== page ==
BLACK HISTORY MONTH — Model takes Port Arthur to New York fashion stage
Published 12:14 am Friday, February 14, 2020
Shaylan Simon went from running down the streets of Port Arthur to walking the bright runway lights of New York.
The 20-year-old Port Arthur native started her modeling journey in 2015 as a camera-shy high school student. She now struts confidently in one of the most renowned fashion shows in the world — New York Fashion Week.
Simon’s chance at stardom began when she moved to Houston from Port Arthur and began connecting with fashion forward thinking individuals.
“Modeling wasn’t the first thing in my mind,” she said. “It was just one of many options in the fashion world, but I started doing small shoots with my friends in school and slowly started getting comfortable in front of the camera. My mother sent the photos to what we call ‘a mother agent’ in New York and everything took off quickly from there.”
The photos Simon’s mom sent in reached an agent just in time for Fashion Week in the fall of 2017.
“My mother agent offered me to come to Fashion Week,” Simon said, still full of disbelief. “It was my opportunity to scratch the surface of modeling. Even though I hadn’t been on a real runway before, I went. I knew that was my chance.”
Simon signed with her first real agency, Red NYC, following her first appearance in New York Fashion Week.
In 2019, she signed with MiLK London, an international model management agency in England. Since then, her face has appeared in several magazines, fashion shows and clothing stores from Adidas to Ryan Roche.
However, despite the quick advance of her career, Simon always remembers where she came from. Before every major shoot she shares her Texas pride with the world. “Before Fashion Week, and most major shoots, I do a little video my agency sends out to different clients that want to know about me,” she said. “Of course, I always mention Port Arthur.
“The first thing people notice about me in New York is my accent or that I say ‘Yes ma’am,’ open a door or say ‘Thank you.’ Whenever people return from visiting Texas, they always say how much they love the people. They always tell me how lovely the people are towards them and I’m proud of that.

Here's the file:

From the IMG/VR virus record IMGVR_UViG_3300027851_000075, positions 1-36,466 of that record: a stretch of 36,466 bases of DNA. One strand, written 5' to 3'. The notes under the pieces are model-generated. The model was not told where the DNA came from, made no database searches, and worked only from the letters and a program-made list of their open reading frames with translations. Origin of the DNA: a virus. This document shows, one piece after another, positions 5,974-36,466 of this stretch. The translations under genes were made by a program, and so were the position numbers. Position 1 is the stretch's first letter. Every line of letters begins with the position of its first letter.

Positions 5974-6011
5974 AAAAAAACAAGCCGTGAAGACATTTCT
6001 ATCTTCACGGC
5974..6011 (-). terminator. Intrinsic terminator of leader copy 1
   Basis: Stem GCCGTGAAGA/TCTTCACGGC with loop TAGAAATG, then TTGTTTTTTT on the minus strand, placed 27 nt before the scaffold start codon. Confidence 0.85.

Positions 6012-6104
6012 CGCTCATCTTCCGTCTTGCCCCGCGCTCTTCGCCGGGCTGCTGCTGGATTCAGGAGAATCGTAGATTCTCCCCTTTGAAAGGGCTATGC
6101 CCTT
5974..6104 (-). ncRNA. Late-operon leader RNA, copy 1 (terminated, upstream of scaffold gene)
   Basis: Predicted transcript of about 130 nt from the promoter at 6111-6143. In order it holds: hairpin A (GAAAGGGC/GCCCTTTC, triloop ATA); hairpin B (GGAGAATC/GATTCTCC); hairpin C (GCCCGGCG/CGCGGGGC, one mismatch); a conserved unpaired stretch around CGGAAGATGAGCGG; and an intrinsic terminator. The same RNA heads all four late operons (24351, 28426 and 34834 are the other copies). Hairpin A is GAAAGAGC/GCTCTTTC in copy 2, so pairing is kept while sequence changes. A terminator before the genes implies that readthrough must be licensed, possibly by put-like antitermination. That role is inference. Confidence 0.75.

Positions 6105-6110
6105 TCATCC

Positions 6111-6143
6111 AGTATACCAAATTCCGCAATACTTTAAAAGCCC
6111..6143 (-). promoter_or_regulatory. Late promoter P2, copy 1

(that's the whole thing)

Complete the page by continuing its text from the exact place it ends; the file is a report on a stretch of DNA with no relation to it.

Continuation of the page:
“I think letting people know that I’m from a small town gives them a little faith to do something out of the ordinary. It shows them that they can do it, too. It’s not impossible. Moving to New York or anywhere new can be scary. Fear stops a lot of things and a lot of people. So when I share my story, I just want to give anyone out there a little hope.”
Simon and fellow New York model Dominique Brannon were named Entertainment Honorees at Port Arthur’s Martin Luther King Jr. Day Brunch and Celebration in January.
As a black woman, and youngest on the stage, Simon was honored to be recognized in more ways than one.
“Honestly, when my mom told me I was getting this award I was super-flattered,” she said. “I was so surprised because I didn’t know that people recognized my work. I was grateful for that and to specifically be doing something with MLK, in my own community, it felt even better.”
Simon said there are things females in her position must endure in the industry as a black woman.
“I feel like once you acknowledge that and accept it, it gives you even more drive and fire to be the best you can be,” she said.
Simon said the biggest challenge has been facing rejection.
“You get a lot of no’s,” she said. “It can be discouraging, but one thing that I make sure I’m always doing is maintaining a positive attitude, despite the closed doors, no’s and turnarounds. You have to practice strength or you’ll get caught up in all those rejections and it becomes detrimental to your image. It’s hard but it’s made me stronger, more confident and now I’m set with who I am.”
Simon said her best advice to young black women, or to anyone struggling with their career or image, is to trust the process.
“Trust the timing,” she said. “Within that process, you have to make sure you do all you can to ensure success. You can have an agency or all these resources, but if you aren’t putting in the work, it isn’t going to come easy.
“Do everything you possibly can do. In order to see change, you have to move differently and work differently. That’s all I can say — trust the process, work hard, be the best you and let the rest go to work.”
Editor’s note: This is the second in a four-part series spotlighting African American leaders as part of our Black History Month coverage